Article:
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Rackspace reveals retirement plan behind decision to go public by selling 17% of itself

We can't call it an initial public offering given this is its second time around on the share market

Rackspace Technology has revealed the terms of its planned return to the stock market.

The company will sell 33.5 million shares and expects punters to pay between $21 and $24. A further 5.025 million shares will later be offered to underwriters at the IPO price, with the whole exercise yielding gross proceeds of approximately $703.5m to $804.0m.

What will Rackspace do with all that lovely cash? Forget new data centres or showering staff with it: the company told investors some of it will be used "to redeem, retire or repurchase $600 million aggregate principal amount of its outstanding 8.625 per cent Senior Notes due 2024 and to pay related premiums, fees and expenses." The rest will go towards "general corporate purposes."

So hardly a payday for the current owner, private equity group Apollo Global Management, which spent $4.3bn taking Rackspace private. The sale is not silly, however, because Apollo would retain between 81 per cent and 83 per cent of the company at a valuation of over $5bn.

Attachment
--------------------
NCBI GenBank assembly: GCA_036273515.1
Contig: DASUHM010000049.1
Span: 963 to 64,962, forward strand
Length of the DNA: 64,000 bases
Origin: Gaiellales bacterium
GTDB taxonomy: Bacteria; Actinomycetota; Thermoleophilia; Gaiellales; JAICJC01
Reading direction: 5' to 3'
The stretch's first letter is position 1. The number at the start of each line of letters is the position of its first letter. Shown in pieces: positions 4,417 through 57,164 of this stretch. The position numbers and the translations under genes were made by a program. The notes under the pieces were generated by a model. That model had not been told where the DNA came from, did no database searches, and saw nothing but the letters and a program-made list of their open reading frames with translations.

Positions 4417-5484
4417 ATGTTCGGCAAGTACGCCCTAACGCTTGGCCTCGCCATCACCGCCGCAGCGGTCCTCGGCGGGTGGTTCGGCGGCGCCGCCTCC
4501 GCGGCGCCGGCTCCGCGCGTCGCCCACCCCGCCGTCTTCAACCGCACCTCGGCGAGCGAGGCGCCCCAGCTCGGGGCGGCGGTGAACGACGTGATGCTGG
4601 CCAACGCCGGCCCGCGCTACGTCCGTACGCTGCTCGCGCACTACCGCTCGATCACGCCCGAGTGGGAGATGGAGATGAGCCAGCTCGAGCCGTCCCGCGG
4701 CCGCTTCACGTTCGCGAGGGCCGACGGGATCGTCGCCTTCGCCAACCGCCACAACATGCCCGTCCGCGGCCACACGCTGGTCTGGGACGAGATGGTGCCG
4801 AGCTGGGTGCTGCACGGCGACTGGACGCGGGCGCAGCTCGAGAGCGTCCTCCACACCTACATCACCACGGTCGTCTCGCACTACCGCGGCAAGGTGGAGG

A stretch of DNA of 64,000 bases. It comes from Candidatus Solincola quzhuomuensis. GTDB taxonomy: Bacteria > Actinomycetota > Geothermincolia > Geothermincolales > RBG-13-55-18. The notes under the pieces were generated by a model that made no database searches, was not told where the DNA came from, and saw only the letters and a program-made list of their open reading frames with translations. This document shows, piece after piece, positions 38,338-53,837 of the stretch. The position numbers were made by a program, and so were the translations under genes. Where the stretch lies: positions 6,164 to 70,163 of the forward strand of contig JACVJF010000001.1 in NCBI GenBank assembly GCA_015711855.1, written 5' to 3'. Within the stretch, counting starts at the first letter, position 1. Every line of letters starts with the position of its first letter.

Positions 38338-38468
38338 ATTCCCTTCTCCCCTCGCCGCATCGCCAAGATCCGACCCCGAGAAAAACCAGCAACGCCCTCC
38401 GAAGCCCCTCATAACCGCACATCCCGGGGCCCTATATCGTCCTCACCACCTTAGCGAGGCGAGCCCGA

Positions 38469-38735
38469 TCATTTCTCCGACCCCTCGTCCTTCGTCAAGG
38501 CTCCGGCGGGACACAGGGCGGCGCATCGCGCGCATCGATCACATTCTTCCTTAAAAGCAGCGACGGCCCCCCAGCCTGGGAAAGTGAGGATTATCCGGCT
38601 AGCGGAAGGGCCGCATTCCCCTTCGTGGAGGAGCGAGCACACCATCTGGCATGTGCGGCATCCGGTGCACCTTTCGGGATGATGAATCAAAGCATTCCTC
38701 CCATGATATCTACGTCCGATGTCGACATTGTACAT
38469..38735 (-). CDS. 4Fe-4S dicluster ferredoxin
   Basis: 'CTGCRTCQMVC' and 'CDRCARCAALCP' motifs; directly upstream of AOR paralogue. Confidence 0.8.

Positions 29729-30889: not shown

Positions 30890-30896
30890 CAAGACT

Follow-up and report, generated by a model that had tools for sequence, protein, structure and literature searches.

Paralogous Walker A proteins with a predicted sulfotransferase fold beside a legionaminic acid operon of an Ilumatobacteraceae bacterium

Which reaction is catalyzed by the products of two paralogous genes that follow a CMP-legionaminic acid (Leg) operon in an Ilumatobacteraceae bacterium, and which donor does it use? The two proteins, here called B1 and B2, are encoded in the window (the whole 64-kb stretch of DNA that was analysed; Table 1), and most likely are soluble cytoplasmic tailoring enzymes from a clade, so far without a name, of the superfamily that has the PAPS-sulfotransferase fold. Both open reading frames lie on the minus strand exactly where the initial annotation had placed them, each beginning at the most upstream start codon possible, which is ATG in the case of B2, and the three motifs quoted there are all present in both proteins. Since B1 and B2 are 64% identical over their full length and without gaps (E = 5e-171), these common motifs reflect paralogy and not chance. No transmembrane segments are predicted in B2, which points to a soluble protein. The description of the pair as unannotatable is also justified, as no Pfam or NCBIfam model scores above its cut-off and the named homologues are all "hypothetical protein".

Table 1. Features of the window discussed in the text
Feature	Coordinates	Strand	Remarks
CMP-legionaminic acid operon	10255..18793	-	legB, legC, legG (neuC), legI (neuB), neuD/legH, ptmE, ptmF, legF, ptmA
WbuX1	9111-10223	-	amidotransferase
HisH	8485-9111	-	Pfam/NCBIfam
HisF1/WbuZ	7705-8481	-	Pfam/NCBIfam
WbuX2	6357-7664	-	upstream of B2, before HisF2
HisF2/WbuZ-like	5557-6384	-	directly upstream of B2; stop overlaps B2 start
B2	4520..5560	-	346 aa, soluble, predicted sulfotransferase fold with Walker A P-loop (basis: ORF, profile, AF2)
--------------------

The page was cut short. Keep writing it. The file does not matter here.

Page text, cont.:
Which isn't a huge, but with $600m of notes off the books, Rackspace would be in better shape and more attractive to future investors.

Coronavirus helps too: the company's prospectus says: "The COVID-19 pandemic has accelerated cloud transformation efforts for new and existing customers and underscored the importance and mission-critical nature of multicloud strategies. Over the last several months, customers have increasingly turned to multicloud solutions to pivot to new business models and save costs. In fact, our hiring has continued to accelerate during the COVID-19 pandemic."

The stock goes on sale next Monday and will trade as RXT. ®

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